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Finding an error in polynomial subtraction

Sal analyzes a polynomial subtraction process to find the step that has an error.

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  • blobby green style avatar for user NITHESH KUMAR
    I am very happy to be a part of these course. This course is very useful to me, apart from that its make me intersting on maths.

    Here i would like to ask so many questions.
    1. Why polynomial equation has exponents?
    2. Why exponents should not be negative integer or fraction?
    3. What is the significance of exponents in polynomial equation?

    I am eagerly waiting for your reply. it would be more helpful to my rest of the questions..
    (3 votes)
    Default Khan Academy avatar avatar for user
    • aqualine ultimate style avatar for user AD Baker
      1) A polynomial does not require an exponent. '6', '-8', '5x', and '-22y' are all polynomials (a special type of polynomial called a monomial).

      2) By definition a polynomial can only contain non-negative integers. This is topic for more advanced mathematics and it has to do with how polynomials are used as functions.

      3. Exponents are used to determine the degree of a polynomial. The largest exponent in the expression determines the degree. x^2 + 6 is a second degree polynomial. y^8 - 17y^5 + 4y^2 -9 is an eighth degree polynomial.
      (4 votes)
  • leaf blue style avatar for user EntitledGraduate
    So we're substituting certain properties by replacing a negative and/or a positive sign based on the problem?
    (1 vote)
    Default Khan Academy avatar avatar for user

Video transcript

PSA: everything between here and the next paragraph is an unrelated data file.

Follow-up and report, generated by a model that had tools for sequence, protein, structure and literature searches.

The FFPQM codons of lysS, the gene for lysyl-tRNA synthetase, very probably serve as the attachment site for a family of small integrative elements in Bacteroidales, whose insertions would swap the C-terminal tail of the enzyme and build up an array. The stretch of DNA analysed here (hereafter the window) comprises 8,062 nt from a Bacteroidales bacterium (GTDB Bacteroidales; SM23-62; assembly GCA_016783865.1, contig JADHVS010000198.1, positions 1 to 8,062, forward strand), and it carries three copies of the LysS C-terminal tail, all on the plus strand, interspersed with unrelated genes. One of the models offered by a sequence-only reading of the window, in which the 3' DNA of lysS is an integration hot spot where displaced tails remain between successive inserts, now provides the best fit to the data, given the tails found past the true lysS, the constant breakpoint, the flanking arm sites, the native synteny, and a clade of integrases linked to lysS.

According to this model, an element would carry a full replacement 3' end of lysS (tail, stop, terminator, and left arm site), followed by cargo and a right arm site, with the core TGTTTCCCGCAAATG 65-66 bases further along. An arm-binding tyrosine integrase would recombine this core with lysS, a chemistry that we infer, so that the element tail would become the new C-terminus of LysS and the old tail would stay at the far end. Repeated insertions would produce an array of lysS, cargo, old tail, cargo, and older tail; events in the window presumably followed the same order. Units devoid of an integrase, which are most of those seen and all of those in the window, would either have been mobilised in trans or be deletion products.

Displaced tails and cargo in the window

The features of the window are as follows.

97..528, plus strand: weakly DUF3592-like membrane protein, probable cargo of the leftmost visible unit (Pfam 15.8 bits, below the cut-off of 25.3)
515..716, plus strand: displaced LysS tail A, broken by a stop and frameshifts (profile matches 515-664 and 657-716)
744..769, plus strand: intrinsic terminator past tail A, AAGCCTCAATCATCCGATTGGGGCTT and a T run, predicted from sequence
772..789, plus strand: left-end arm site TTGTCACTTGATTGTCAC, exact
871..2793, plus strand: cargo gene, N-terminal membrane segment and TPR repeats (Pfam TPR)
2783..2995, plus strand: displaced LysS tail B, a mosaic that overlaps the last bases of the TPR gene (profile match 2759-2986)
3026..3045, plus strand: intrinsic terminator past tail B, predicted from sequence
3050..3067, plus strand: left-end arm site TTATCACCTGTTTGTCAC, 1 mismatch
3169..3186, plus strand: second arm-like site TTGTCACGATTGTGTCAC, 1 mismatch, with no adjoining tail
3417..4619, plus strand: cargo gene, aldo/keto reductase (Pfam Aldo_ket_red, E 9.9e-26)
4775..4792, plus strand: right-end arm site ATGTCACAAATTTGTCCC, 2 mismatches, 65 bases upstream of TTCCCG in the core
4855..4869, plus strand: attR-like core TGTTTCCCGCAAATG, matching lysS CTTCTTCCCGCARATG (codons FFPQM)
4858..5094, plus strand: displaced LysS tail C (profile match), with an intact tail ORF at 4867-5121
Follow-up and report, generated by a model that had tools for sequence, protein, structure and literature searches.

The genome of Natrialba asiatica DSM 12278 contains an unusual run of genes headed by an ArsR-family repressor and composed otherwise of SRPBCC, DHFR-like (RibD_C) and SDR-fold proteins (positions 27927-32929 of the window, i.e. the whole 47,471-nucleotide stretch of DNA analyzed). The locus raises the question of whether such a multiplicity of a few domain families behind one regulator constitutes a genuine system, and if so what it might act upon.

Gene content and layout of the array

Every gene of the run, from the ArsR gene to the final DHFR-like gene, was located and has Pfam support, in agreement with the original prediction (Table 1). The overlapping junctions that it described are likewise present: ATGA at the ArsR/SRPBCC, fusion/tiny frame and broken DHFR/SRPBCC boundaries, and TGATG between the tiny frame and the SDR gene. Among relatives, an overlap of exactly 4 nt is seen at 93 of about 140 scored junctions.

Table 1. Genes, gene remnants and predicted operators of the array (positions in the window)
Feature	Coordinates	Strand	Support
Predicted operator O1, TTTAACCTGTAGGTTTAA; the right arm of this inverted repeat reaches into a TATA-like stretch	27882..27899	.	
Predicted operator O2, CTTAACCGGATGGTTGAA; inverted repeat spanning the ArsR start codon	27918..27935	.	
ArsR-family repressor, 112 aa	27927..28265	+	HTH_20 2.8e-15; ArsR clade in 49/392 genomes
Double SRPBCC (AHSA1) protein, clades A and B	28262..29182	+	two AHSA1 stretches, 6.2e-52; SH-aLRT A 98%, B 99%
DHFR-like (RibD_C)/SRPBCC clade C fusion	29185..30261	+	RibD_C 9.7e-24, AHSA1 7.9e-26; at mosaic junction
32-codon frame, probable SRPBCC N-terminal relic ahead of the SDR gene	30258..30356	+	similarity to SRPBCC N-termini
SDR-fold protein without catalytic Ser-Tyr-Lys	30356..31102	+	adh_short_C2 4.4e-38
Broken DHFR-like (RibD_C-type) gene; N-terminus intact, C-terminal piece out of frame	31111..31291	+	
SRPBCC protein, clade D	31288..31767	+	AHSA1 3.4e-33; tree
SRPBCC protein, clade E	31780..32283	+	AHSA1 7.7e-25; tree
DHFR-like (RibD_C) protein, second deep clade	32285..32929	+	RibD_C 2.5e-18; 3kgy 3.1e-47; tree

- [Voiceover] Kenisha is asked to subtract seven B squared minus five B plus one from two B squared plus three B plus 11. Her work is shown below and we see all the steps that she took. And then they say at which step did Kenisha make an error? And it's pretty clear she made an error, because they're not giving us an option that she didn't make an error. So let's see what went on here. So the first thing is, we want to subtract seven B squared minus five B plus one, we want to subtract that from two B squared plus three B plus 11. And we see that in step one she set it up properly. She is indeed subtracting, she is indeed subtracting seven B squared minus five B plus one from two B squared plus three B plus 11. That's fair. Alright, so step one seems to be okay. Now let's see step two, it looks like she's going to distribute the negative sign, so the negative of seven B squared is, as you can see is negative seven B squared. We're gonna subtract seven B squared. And then you have the negative of negative five B. Well that's going to be positive five B. So this right over here, this one over here should, this over here should be a positive five B. Let me do that in a new color. So this should be a positive five B. And then the negative of positive one, this should be a negative one. That should be a negative one right over there. So she's making a mistake, she's making a mistake in step two when she distributes this negative sign. So step two is where she made, is where she actually made her error. From there it seem reasonable, she is subtracting the coefficients on the B squared terms, so two B squared minus seven B squared, gets us this right over there. Then on the B terms, you have three B and then, let's see, you have, it should be three B plus five B if she distributed the negative sign right, but since she didn't distribute the negative sign right, she has three B minus five B. And it should be 11 minus one, but since she didn't do the distribution correctly, we have 11, it should be 11 minus one, as we said before, because you're gonna distribute this negative sign, but she left that as a plus one and so that's why she got that over there. So her real mistake was clearly in step two. 'Cause from there on she's doing reasonable things, it's just she made that one error.